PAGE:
Since the advent of ChatGPT, the time-based billing model has come under intense criticism. As a result, billables are now even more at risk.

The emergence of ChatGPT and undoubtedly similar platforms in the near future will alter legal services delivery, initially gradually but ultimately perhaps significantly.

Although while ChatGPT can be used to cheat on law school exams and is, in some people’s eyes, “no different from Wikipedia,” there are concerns that the advent of AI will lead to the demise of attorneys. This is true even if it should be used cautiously in courts and requires new employment laws.

How, if at all, the development of this technology affects the billing procedures of providers of legal services is one of many professional issues to be taken into account.

Special Purpose Visas for Fiji and Timor-Leste defence forces and personnel

Addition of Fijian and Timor-Leste armed forces, civilian component personnel and their dependents to the list of defense forces who are eligible for Special Purpose Visas under the Reciprocal Access Agreements.

Increased work rights for student visa holders

To help Australia’s economy recover and expand, work rights for those on student visas will be increased starting on July 1, 2023.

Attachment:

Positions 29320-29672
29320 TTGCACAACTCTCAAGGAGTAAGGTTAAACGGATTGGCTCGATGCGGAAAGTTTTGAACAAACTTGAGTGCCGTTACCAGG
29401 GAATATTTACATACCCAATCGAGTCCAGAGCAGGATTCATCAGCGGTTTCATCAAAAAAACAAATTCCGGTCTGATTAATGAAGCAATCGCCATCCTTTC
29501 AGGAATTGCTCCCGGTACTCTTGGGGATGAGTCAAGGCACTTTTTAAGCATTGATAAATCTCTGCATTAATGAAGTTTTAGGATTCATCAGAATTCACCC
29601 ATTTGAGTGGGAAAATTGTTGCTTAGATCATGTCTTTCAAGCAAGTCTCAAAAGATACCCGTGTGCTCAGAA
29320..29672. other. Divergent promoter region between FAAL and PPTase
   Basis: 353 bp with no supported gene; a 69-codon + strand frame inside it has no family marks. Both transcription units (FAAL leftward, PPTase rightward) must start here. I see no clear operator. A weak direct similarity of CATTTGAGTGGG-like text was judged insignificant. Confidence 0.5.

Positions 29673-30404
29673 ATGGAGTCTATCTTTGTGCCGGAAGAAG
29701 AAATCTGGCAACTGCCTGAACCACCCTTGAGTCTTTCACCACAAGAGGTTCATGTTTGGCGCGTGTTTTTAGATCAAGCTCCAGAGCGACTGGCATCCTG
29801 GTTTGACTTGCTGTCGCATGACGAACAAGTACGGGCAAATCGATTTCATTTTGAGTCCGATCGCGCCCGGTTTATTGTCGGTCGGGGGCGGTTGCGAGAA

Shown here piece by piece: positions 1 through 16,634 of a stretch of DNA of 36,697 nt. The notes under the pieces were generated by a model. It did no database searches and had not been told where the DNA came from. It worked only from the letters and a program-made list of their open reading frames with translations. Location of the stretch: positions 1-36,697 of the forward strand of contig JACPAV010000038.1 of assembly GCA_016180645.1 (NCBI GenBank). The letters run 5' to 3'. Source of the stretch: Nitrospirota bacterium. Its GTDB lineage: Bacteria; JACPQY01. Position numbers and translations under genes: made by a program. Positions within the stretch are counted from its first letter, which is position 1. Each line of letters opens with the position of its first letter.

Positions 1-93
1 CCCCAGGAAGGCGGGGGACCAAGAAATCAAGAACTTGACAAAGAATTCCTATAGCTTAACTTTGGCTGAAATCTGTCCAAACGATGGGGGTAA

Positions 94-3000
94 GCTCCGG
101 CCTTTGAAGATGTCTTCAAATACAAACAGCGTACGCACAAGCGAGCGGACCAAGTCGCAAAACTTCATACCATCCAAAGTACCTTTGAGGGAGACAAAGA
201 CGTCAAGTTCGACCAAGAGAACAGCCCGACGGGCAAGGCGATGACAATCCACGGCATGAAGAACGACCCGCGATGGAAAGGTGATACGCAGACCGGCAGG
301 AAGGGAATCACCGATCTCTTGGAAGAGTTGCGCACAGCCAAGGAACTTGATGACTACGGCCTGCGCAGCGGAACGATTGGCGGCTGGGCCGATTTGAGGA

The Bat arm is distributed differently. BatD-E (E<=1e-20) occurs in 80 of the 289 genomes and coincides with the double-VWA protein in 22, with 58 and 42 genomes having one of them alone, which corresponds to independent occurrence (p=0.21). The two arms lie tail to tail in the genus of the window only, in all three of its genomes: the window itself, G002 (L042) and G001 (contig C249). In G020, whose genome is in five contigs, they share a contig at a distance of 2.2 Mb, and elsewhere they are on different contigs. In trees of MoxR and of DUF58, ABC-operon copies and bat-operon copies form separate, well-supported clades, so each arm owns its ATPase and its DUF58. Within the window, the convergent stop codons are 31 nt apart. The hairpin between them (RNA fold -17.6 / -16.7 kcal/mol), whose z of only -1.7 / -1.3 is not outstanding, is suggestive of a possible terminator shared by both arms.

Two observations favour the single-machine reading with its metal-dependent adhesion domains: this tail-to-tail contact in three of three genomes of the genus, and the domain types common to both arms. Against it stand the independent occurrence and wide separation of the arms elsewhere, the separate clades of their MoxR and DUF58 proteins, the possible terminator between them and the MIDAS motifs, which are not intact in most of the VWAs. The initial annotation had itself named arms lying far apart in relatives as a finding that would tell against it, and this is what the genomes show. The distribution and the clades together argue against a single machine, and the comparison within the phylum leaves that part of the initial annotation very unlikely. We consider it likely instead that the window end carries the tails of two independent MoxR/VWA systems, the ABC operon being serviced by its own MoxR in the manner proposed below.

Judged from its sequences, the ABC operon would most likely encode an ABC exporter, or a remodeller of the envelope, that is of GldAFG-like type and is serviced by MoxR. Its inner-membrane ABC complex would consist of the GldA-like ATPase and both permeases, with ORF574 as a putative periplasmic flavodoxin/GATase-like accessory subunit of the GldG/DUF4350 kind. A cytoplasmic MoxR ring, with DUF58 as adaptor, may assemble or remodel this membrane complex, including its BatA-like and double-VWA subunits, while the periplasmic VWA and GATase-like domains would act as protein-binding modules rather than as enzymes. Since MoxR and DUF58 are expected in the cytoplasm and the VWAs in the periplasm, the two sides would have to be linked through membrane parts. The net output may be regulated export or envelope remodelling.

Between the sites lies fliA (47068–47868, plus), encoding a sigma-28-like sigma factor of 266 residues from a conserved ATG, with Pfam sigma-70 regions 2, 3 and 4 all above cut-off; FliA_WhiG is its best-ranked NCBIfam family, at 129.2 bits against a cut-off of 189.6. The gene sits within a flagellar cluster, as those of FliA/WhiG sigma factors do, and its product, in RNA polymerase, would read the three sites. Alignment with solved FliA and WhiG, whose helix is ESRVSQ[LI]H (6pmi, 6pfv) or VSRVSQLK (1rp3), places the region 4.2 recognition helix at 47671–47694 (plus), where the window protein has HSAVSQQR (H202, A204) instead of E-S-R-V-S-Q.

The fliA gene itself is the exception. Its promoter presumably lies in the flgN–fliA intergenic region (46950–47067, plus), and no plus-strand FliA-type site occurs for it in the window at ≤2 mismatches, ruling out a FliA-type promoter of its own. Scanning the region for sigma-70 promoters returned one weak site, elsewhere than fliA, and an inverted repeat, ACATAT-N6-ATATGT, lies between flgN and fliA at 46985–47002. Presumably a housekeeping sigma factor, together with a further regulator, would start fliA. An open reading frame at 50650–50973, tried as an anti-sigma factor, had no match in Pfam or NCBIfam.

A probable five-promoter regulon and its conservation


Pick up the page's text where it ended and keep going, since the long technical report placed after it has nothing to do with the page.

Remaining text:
During the COVID pandemic, work right limits for students were lifted, however this will come to an end on June 30, 2023. Starting July 1, 2023, the maximum number of hours per fortnight that people with student visas can work will be 48.

Migration and Refugee Division – AAT Update

which take effect on 1 March 2023.

Thapa precedent and expired English language tests for EOIs

Home Affairs has indicated that it will accept skills assessments that have expired and been renewed within the invitation period for GSM applications, this does not apply to English language tests.

Regional Occupation List – SC 186 TRT – workaround

Some ROL professions not showing up in the drop-down ANZSCO list for SC 186 TRT applications.

The following workaround has been authorized by the ENS area for online lodgments:

  • On page 3 of the ImmiAccount application select any ANZSCO code from the drop down menu – this will allow you to continue with the application.
  • Once the application has been lodged complete the Notification of incorrect answer(s) form providing the incorrect code chosen and the correct code.
  • Once you have completed the form please contact the e-service Helpdesk and they will notify the ENS area who will then update the code in the system

Only 7% of lawyers trust ChatGPT (for now)

As ChatGPT continues to trend globally, more legal professionals are exploring how the platform, and similar artificial intelligence (AI) technologies, can improve their day-to-day and drive efficiency.

But Lawyers Weekly can reveal that only a small number of lawyers actually trust the tech fully.

The poll conducted was, of course, not a scientific study.